The Art of Abundance

John Haber
in New York City

Barbara Wolff and Jewish Tradition

Repetition and Difference

"How manifold are Thy works, O Lord! In wisdom hath Thou made them all; the earth is full of Thy creatures." What happens when a skilled technical illustrator turns to the Bible? Is the result science, fancy, or revelation—or can it encompass them all? For Barbara Wolff at the Morgan Library, it is first and foremost abundance.

The Jewish Museum raises still more expectations—repeated and different. "Repetition and Difference" gathers over three hundred fifty objects from its collection (talk about repetition), some older than the Bible. They range from Iran to Israel and from Eastern Europe to the United States. from Barbara Wolff's You Renew the Face of the Earth (Morgan Library, 2015)It brings them together with contemporary voices from four continents, including one of the most prominent African American artists going. If any are Jewish, the museum is not saying. It also takes its inspiration from a prophet not of ancient Israel, but of post-structuralism.

The Bible unbound

Barbara Wolff takes those words from Psalm 104, and she sees that abundance everywhere—in the earth, the sea, the sky, and the imagination. Her illustrations proceed verse by verse, beginning with the signs of the zodiac, because of their place in Jewish art at least as early as the Hellenistic era, their number sometimes linked to the twelve tribes of Israel. These are by no means perfunctory reminders of nature, from an artist who has also worked for the Time-Life Nature Library and the New York Botanical Garden. They are fully observed fish, shellfish, arthropods, and mammals. The Maiden carries a recognizable harvest, and the Water-Bearer is a jellyfish. Yet one cannot miss the fancy in the turn of a lion's head or sea-goat, the archer's bow pointed directly at the scorpion, or the jellyfish raising two tentacles in a dance of triumph.

They are also in raised gold leaf, like the burst of energy at the illumination's center, and in motion, like the northern lights shimmering in a starry sky. Wolff has a fondness for natural worlds in collision. As "the waters stood above the mountains," she imagines forces deep within the earth enacting the separation of sea from dry land in Genesis. Other verses pack entire bestiaries into a tree or garden, each creature out to assert its place in the creation. She finds the same abundance, too, in the Haggadah, the prayers and passages from Exodus read aloud at the Passover Seder—not unreasonably, given a ritual of renewal in springtime. Her illustrations for the Joanna S. and Daniel Rose family Haggadah celebrate the evening meal with sheaves of wheat and a vessel overflowing with grapes and flowers.

The Psalm and Haggadah appear unbound, along with an iPad and Web site that allow one to visualize turning their bound pages. The Morgan sees them as another kind of collision as well, across cultures and centuries. Wolff has exhibited before with the Museum of Biblical Art and a number of Jewish institutions, without giving up her commitment to natural history. As "the mountains rose," jagged planes of gilded earth bear text in raised Hebrew letters, but also a reminder of what a geologist would call plate tectonics. She is also reviving and explaining the techniques of illuminated manuscript, on parchment and vellum, in collaboration with calligraphers whose block Hebrew and English italics are her art's equal. A case holds the knife with which she applies gold, silver, and platinum foil—and a film shows her at work with a variety of pens and brushes.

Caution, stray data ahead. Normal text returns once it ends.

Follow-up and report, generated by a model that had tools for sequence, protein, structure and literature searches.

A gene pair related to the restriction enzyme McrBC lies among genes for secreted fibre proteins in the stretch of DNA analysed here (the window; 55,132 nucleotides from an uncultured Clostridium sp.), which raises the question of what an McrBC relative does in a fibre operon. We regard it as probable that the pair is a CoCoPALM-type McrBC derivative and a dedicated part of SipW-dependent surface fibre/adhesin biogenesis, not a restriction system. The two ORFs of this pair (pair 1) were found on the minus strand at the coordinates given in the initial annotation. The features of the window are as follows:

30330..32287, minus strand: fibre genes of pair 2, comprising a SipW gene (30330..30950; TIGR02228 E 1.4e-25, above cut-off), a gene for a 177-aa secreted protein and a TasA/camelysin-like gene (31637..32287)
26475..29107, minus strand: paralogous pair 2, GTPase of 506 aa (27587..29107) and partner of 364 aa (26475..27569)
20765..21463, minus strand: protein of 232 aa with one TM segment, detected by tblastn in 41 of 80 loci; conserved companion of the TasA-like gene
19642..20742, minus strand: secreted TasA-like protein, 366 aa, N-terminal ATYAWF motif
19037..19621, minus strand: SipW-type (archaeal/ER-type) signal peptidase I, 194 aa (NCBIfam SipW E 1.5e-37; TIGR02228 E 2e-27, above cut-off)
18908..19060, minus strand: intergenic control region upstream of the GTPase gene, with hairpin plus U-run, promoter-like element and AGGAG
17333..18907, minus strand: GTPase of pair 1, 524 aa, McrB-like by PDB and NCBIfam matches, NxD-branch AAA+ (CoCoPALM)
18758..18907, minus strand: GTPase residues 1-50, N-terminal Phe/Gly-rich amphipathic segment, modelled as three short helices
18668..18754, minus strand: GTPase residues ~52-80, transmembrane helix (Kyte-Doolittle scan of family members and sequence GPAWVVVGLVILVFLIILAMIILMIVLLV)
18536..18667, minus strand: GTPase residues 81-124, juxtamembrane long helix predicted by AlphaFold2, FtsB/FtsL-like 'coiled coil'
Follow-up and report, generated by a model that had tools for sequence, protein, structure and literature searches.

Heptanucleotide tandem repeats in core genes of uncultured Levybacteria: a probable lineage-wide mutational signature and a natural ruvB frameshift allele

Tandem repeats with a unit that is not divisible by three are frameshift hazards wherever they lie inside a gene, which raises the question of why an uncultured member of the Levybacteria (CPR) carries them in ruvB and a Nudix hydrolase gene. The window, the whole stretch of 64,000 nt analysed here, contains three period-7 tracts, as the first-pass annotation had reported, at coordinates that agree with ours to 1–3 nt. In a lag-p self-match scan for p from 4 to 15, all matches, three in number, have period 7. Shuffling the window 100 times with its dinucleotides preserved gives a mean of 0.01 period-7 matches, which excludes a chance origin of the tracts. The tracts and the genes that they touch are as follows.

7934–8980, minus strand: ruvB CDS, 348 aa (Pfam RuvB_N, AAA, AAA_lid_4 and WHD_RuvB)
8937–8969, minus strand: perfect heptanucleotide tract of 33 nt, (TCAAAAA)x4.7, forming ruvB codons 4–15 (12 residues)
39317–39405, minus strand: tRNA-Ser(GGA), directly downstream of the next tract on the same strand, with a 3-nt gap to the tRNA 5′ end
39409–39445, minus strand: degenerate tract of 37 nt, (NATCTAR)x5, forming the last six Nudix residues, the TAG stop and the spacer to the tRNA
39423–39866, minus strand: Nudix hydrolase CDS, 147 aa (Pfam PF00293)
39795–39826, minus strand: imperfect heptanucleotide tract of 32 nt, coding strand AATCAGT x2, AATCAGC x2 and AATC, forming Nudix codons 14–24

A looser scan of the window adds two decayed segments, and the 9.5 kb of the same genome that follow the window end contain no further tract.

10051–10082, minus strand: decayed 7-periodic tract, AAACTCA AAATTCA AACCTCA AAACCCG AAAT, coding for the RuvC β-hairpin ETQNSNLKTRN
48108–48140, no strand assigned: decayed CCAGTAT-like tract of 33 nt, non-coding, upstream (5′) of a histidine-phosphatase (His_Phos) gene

The Morgan has its own stake in these worlds in collision. Wolff found inspiration in the Hebrew Bible, in a 1917 translation for the Jewish Publication Society, but also in Christian book art at the Morgan—such as a Book of Hours, the Crusader Bible, the Medieval Housebook and "The Medieval Hunt," and the work of Jean Bourdichon. They encouraged a greater realism and paved the way for the Renaissance. With Wolff's "Hebrew Illumination for Our Time," the Morgan also insists on its place in the present. A concurrent exhibition of "Embracing Modernism," with more than a hundred drawings curated by Isabelle Dervaux, boasts of that as well.

It shows the fruits of a decision just ten years ago, to enter the market for Modernism and art today, and I confess to mixed feelings. For the exhibition itself, one can do little more than praise the museum's taste and energy, since little else unites the hit-or-miss work or illuminates its time. Everything is here, from Henri Matisse to Marlene Dumas—with clever pairings of frottage, or rubbings, by Max Ernst and decades later Robert Overby, fine art and "low" art cartoons by Caroll Dunham and Roz Chast, block-like enigmas by Balthus and Marisol, incisive family portraits by Erich Heckel in German Expressionism and Walter Sickert in England, or self-portraits by Egon Schiele and Maria Lassnig. Despite limited examples of major movements, it can boast both a Surrealist drawing by Jackson Pollock and a sketchbook from his drip period. Still, there is only so much money, and there is only one Morgan Library. Other institutions can attend quite well to the last century, and gains here have to come with a tradeoff in lost opportunities from the past.